And I... I don't think that's the way we treat State courts and Federal courts.
Mr. Alsobrook: That is correct, Your Honor.
And another reason--
Justice Kennedy: And... and... which... and so that the absence of that kind of... of writ indicates to me that the safer course, the more prudent course is to rely on the standard equitable remedies such as injunction that we've been discussing.
Mr. Alsobrook: --That is correct, Your Honor.
Justice Scalia: Except that a lot of other lawyers had... had relied on the course that you relied on.
Mr. Alsobrook: That's correct, and a lot of--
Justice Scalia: You were following what had been a successful course in the past.
Mr. Alsobrook: --And not only that, a lot of judges.
Justice Scalia: Well, to be sure.
Mr. Alsobrook: And so there were a plethora of district court cases that allowed the removal under the All Writs Act and took jurisdiction where they had jurisdiction originally under the cases of NAACP, under the Agent Orange case, and the Sixth and Seventh Circuit cases.
Justice Ginsburg: Were there any cases under the relitigation exception to the Anti-Injunction Act that used that device, the antisuit injunction, to accomplish the same thing?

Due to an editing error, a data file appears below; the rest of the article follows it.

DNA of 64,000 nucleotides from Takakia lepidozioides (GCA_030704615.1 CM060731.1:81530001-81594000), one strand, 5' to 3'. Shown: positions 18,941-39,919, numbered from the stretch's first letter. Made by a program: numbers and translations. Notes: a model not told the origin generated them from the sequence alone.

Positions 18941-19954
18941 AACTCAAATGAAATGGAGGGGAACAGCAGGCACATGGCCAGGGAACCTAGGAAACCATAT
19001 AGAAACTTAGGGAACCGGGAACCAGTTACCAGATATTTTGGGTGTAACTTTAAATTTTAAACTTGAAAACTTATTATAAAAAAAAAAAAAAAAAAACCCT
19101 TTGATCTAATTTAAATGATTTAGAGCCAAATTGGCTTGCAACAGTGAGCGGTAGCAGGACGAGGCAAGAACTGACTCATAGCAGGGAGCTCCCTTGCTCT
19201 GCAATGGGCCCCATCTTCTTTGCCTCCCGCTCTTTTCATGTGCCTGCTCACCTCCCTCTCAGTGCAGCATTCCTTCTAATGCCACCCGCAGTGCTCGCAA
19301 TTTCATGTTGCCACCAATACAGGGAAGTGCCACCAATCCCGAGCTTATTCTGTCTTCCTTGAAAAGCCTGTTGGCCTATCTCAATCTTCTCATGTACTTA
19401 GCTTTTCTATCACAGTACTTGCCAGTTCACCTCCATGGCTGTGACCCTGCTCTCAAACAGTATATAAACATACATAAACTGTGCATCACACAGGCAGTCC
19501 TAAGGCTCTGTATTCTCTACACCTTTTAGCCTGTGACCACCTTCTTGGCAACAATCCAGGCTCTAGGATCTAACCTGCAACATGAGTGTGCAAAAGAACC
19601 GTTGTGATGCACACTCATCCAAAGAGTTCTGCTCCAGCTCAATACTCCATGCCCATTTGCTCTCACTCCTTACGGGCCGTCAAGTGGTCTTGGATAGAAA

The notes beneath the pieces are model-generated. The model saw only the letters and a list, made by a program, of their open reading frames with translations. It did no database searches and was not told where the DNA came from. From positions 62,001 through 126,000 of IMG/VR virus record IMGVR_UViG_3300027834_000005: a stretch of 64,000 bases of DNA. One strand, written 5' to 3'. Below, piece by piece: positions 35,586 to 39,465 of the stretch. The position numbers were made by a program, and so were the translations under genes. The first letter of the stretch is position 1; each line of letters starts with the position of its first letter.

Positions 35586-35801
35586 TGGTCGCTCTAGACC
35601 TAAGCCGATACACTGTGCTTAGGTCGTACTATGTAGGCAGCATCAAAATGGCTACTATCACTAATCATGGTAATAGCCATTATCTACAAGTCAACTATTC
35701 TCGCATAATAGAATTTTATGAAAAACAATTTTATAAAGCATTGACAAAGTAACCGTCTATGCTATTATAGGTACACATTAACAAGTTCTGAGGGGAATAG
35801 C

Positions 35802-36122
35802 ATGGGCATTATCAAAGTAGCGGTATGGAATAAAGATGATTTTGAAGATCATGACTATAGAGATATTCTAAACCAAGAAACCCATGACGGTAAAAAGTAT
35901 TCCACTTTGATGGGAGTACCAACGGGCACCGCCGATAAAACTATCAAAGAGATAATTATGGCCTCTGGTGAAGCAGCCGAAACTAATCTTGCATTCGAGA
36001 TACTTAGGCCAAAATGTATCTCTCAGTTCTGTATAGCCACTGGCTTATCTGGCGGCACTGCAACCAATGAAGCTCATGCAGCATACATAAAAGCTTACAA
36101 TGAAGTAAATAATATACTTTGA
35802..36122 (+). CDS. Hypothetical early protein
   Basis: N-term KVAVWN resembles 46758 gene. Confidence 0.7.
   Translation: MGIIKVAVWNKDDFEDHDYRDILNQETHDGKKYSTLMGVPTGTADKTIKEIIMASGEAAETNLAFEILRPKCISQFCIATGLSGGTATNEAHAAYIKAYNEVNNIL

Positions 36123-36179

Mr. Alsobrook: Well, Your Honor, no.
The Tenth Circuit had ruled that the... that the All Writs Act could not be used in this... in the method that we used it.
We are not unmindful of Rivet v. Regions, but we... our situation there... our situation in this case is much different--
Justice Ginsburg: But that was... that was a question of fighting it out in the State court, and it's not the antisuit injunction that we're discussing now.
Rivet said it's an... preclusion is an affirmative defense.
You can raise it in the State court that prior Federal litigation precludes this case.
The other way to go is to ask the court that entered the judgment, the class action judgment, the nationwide class action, to enjoin the party who was supposed to have settled the claim from proceeding in the... in the original case when part of the bargain was to dismiss it.
So I... I'm just curious why you didn't attempt that route.
Mr. Alsobrook: --We didn't attempt that, Your Honor, because the majority of the circuits at the time approved the All Writs Act as the vehicle with which to remove the case and to get it back before the district court.
Additionally, we felt that it... State courts have cases removed all the time to Federal court.